in the candidates' closing arguments. we are watching live pictures coming to us from madison, wisconsin, where the president will kick off his last day on the trail. it is the state he won last time, but one that could be in play this year with paul ryan on the gop ticket. the way the president and mitt romney will spend their final days speaks volumes about where the two need to produce wins. president obama, three stops, three states. the president will travel to ohio and end with a rally in iowa. the very state where his bid for the oval office began all those years o years ago. mitt romney, five stop, five states. he began in florida, follow stops in virginia, the president following the president in ohio. then his final day in his home away from home, new hampshire. this morning though in florida, governor romney -- capable of bringing about change. >> it comes down to this. do the people want four more years like the last four years? or do you want real change finally? >> president obama all weekend on the campaign trail telling supporters that they know him. and he's the one, the only o
. it gives us 5x the rewards on our internet, phone charges and cable, plus at office supply stores. rewards we put right back into our business. this is the only thing we've ever wanted to do and ink helps us do it. make your mark with ink from chase. >>> breaking news on this saturday afternoon. nbc news declaring barack obama the declared winner in florida. that state finally finished counting all of the votes four days after the election. the win in the sunshine state gives the president a total of 332 electoral votes. governor romney at 206 electoral votes. this gives president obama 51% of the popular vote. mitt romney 48%. good afternoon. i'm craig melvin. you're watching msnbc, the place for politics. let's go straight to nbc news correspondent kerry sanders from miami. the election is finally put to rest. >> folks in florida have been wondering what is going on. the numbers show that the state did tilt to obama. he got 50% of the vote. romney took 49.1% of the vote. clearly, florida remains a battleground state. the question is, why did this take so long? part of the fact i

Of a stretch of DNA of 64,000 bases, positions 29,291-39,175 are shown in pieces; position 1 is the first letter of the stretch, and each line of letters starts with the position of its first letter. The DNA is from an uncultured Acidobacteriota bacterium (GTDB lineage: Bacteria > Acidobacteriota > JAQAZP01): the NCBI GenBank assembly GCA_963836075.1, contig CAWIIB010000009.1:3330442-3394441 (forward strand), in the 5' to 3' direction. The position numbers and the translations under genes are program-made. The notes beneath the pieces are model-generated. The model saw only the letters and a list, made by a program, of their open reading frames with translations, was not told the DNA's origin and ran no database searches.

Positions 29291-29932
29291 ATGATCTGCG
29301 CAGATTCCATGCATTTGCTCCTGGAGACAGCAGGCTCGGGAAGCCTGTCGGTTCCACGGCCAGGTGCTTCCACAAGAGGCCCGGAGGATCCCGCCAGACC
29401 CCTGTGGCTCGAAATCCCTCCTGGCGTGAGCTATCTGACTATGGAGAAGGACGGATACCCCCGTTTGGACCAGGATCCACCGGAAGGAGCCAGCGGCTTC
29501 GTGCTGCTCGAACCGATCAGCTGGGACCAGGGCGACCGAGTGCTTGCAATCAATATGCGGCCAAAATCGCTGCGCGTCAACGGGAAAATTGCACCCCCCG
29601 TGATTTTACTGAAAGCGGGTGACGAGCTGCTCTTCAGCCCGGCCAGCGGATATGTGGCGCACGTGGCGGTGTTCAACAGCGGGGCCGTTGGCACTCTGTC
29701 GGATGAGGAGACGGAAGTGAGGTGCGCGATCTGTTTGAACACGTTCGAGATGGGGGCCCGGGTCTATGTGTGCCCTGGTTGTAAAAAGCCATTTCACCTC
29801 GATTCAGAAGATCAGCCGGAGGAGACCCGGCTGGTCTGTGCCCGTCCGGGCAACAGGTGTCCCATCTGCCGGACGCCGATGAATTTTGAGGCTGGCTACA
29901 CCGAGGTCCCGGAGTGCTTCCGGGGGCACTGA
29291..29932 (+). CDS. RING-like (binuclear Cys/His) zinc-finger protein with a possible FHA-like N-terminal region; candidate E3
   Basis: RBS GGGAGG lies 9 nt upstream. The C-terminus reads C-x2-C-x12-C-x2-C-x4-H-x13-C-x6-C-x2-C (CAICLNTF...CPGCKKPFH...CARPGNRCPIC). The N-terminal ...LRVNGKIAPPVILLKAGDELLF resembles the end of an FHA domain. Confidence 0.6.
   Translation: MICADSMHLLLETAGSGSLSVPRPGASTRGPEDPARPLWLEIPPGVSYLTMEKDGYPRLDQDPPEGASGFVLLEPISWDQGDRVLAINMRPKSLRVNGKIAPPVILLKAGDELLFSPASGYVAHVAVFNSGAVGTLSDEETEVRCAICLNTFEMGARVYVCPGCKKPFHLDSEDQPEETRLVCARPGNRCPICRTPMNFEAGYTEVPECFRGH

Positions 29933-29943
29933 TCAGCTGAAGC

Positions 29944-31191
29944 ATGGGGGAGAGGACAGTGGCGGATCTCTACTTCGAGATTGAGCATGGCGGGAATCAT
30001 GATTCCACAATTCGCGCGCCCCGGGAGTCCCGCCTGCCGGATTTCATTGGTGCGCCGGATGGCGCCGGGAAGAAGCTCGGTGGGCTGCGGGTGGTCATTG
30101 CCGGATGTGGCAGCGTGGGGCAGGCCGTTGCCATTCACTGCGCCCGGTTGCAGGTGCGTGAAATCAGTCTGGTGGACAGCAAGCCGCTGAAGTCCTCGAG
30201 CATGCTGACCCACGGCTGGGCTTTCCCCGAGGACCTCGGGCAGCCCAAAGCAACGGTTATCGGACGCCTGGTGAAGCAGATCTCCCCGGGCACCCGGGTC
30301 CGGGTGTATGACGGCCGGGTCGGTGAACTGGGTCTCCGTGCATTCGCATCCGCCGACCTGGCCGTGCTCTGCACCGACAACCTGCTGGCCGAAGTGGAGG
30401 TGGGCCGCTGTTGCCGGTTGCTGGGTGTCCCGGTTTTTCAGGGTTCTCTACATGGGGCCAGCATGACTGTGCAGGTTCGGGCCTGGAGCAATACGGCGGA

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understand, you can't push us around. we want to work together. >> as washington digs back in, politicians and pundits alike are still post-gaming obama's election night victory. >> as soon as the votes started coming in and we matched them up against the model, we were well convinced that the thing was going to go according to plan. >> republicans in a crisis of their own after mitt romney's disastrous defeat. does the governor's loss and demise signal a greater crossroads for the grand 'ole party? >> i think it's more of a branding problem because the branding problem is connected to problems of substance. >> what's the time frame here? is it the republican party perhaps a year and a half to sort of figure out what direction they're going to head in. a year and a half before the leaders of the republican party go to the front window of the club that they belong to, open up the drapes, and look out on main street and see the reality of life in america today. >> let's bring in today's political power group. steve mcmahon, co-founder of purple strategies, who also served as an adviser to ho
correspondents, kristen welker and michael isikoff michael? >> what we learned last night, general allen, the u.s. commander in afghanistan has been implicated in this because of 20,000 to 30,000 documents exchanged with jill kelley. the tampa associatite who triggered this investigation when she complained about those menacing e-mails that she had been getting from an anonymous sourt who turned out to be paula broadwell, the woman who was having the affair with cia director david petraeus. what we were being told that the original e-mails, these anonymous e-mails from broadwell to kelley did not initially specifically reference petraeus, it talked about her, kelley's relationship with other generals at the u.s. central command. and southern command, suggesting that she was having an inappropriate relationship with them, that she ought to watch it and cut it out, as described to me from a source. we know that general allen who's now the center of this was the deputy command at central command until 2010. so, by implication, we can assume from the beginning, at least when paula broadwell began sen